His American Dream

The house was bare. No more television. Couch was tossed out to the curb. Chairs stacked in the back of a pick-up truck. Soon they’d be gone too. Salvation Army or some charitable organization. He no longer had any belongings.

Placed a few pairs of underwear and shirts in a backpack. Wore the same shorts daily. Figured out West he wouldn’t need any long pants. His days of church going were over.

He left behind a home. A brick building he called a home. Had been there all his life. His mom and dad lived there. So did his grandparents. And with the stroke of a pen, it was gone. His property. His history.

It was the beginning of summertime. Night air was cool. The old man pulled his truck into rest areas along the interstates and stretched out in the back. Used a sweat shirt for a blanket.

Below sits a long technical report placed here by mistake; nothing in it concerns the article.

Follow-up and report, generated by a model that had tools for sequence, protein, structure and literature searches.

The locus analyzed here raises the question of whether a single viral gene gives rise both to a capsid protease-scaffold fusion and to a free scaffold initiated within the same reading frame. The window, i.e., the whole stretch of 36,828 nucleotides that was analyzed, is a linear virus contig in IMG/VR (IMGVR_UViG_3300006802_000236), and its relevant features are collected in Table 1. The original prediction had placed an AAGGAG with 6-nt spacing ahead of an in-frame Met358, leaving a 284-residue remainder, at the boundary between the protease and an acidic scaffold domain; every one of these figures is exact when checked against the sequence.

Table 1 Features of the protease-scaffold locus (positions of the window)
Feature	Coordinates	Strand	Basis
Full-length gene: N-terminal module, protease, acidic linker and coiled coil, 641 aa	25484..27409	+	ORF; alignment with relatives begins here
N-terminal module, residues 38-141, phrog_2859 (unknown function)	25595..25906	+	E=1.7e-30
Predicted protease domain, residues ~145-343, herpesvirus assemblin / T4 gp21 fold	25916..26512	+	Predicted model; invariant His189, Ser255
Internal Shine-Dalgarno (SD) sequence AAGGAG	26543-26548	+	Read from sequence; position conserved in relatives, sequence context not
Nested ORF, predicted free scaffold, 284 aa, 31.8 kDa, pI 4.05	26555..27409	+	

Many nights the radio would put him to sleep. Jazz on some local public radio station. Playing songs he grew up with. Miles Davis, John Coltrane, Bill Evans to name a few. He would hum along.

And he drove all over the country. Colorado, California, Texas, North Dakota. He followed no maps. Just drove where ever the spirit lead him. And, that’s all he wanted. Just to drive and listen to jazz. This was his American dream.

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